This is a slightly edited and somewhat amended version of my original proposal posted to oak-dev@.
There are various places in Oak where conflicting updates to the content tree can occur: committing changes against a non root revision, merging changes from a branch into trunk and synchronisation of cluster nodes.
The Microkernel API currently doesn't specify a contract for merging conflicting changes but leaves it mostly to the underlying implementation. As discussed before this is not satisfactory and I'd like to tighten the contract.
As announced earlier, I spent some time implementing various approaches for rebasing branches in Oak. Apart from the other problems this solves and which have been discussed at length, this also lends itself nicely for a central, clean and efficient way of handling conflicts.
The core idea is to try to resolve all conflicts in a branch through rebasing it on top of the current trunk. After successfully rebasing a branch, merging it to trunk is as simple as fast forwarding the head of the trunk to the head of the branch.
Here is a naïve sample implementation of the relevant methods in pseudo code. Note how commit is implemented in terms of branch and merge. It has not to be implemented that way but rather the observable behaviour should be like this.
Note the very simple
merge() implementation: it only covers the fast forward case where the base of the branch to be merged is the head of the trunk and fails all other merges.
merge() has a very narrow atomic section, which is basically a conditional update. Such operations are exposed by most operating systems / storage systems / platforms and should thus be easy to implement.
The overall idea of implementing merge in this way is that callers need to take care of properly rebasing branches and resolving conflicts through the provided
rebase() method. The
rebase() method itself will detect a specific set of conflicts and annotates them with special conflict markers. This enables conflict resolution to be handled higher up the stack where we have a better understanding of the actual semantics of the conflict. Also note how all conflict handling takes place on private branches thus keeping the trunk free of contentions.
In the current implementation if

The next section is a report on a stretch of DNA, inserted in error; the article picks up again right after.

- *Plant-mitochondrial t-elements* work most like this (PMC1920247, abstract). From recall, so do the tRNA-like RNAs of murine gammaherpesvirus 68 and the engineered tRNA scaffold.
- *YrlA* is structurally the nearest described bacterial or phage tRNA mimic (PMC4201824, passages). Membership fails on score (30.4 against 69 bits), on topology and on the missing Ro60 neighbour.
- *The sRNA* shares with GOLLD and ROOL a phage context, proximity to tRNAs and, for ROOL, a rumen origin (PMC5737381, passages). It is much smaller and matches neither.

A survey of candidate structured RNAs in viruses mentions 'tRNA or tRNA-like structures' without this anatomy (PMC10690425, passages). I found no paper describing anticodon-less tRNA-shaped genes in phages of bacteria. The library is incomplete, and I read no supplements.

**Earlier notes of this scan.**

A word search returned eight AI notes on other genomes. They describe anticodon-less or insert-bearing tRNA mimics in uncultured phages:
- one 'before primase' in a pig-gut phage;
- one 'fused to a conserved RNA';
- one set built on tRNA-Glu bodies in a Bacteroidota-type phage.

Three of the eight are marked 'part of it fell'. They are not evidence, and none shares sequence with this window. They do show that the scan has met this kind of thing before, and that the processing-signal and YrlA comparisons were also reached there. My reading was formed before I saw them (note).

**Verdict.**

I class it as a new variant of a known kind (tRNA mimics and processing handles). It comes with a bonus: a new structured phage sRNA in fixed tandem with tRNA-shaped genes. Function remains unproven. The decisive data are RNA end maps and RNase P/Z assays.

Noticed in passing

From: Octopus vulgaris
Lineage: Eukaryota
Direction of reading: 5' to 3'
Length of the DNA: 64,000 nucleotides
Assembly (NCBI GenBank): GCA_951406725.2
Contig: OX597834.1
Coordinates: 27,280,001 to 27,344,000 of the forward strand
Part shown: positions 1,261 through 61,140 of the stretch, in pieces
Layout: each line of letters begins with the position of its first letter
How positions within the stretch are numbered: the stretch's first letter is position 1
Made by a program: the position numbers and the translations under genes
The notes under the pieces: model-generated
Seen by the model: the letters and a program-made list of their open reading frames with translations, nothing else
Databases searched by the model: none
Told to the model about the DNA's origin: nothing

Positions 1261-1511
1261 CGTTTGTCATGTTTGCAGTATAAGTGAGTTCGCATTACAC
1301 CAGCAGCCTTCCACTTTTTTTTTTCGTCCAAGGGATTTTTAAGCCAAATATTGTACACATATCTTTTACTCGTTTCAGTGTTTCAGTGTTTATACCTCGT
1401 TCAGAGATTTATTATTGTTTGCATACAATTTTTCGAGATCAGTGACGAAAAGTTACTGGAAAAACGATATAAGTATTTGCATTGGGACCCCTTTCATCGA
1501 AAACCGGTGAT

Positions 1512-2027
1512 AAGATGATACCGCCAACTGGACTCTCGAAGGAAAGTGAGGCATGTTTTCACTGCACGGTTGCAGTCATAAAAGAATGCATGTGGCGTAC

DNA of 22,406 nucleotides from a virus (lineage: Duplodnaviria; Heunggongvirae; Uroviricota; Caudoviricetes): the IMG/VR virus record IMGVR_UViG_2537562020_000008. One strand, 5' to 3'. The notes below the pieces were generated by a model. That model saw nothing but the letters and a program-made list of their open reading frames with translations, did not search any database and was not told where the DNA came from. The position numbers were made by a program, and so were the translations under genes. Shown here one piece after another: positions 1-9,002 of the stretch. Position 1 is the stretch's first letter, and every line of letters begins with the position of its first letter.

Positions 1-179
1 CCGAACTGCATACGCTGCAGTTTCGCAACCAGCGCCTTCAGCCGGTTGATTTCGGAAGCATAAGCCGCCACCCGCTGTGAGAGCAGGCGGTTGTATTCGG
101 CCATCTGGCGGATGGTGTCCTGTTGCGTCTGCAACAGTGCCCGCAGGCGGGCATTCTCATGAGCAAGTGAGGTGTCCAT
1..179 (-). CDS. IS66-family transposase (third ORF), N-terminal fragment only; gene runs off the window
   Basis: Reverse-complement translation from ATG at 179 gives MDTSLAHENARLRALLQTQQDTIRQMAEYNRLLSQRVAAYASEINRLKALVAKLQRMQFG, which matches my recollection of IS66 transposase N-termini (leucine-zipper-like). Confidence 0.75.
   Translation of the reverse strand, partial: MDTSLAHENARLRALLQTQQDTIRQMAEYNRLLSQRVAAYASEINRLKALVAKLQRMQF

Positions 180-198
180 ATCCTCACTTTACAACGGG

rebase() results in a conflict, conflicting nodes are annotated with a conflict marker denoting the type of the conflict and the value(s) before the rebase operation. The conflict marker is an internal node with the name
:conflict and is added to the node whose properties or child nodes are in conflict.
A property has been added that has a different value than a property with the same name that has been added in trunk.
A property has been removed while a property of the same name has been removed in trunk.
A property has been removed while a property of the same name has been changed in trunk.
A property has been changed while a property of the same name has been removed in trunk.
A property has been changed while a property of the same name has been changed to a different value in trunk.
A node has been added that is different from a node of them same name that has been added to the trunk.
A node has been removed while a node of the same name has been removed in trunk.
A node has been removed while a node of the same name has been changed in trunk.
A node has been changed while a node of the same name has been removed in trunk.
In this context a node is regarded as changed if a property way added, a property was removed, a property was set to a different value, a child node was added, a child node was removed or a child node was changed.
On conflict the conflict marker node carries the conflicting value of the branch while the rebased value in the branch itself will be set to the conflicting value of the trunk. In the case of conflicting properties, the conflicting value is the property value from the branch. In the case of conflicting node, the conflicting value is the node from the branch.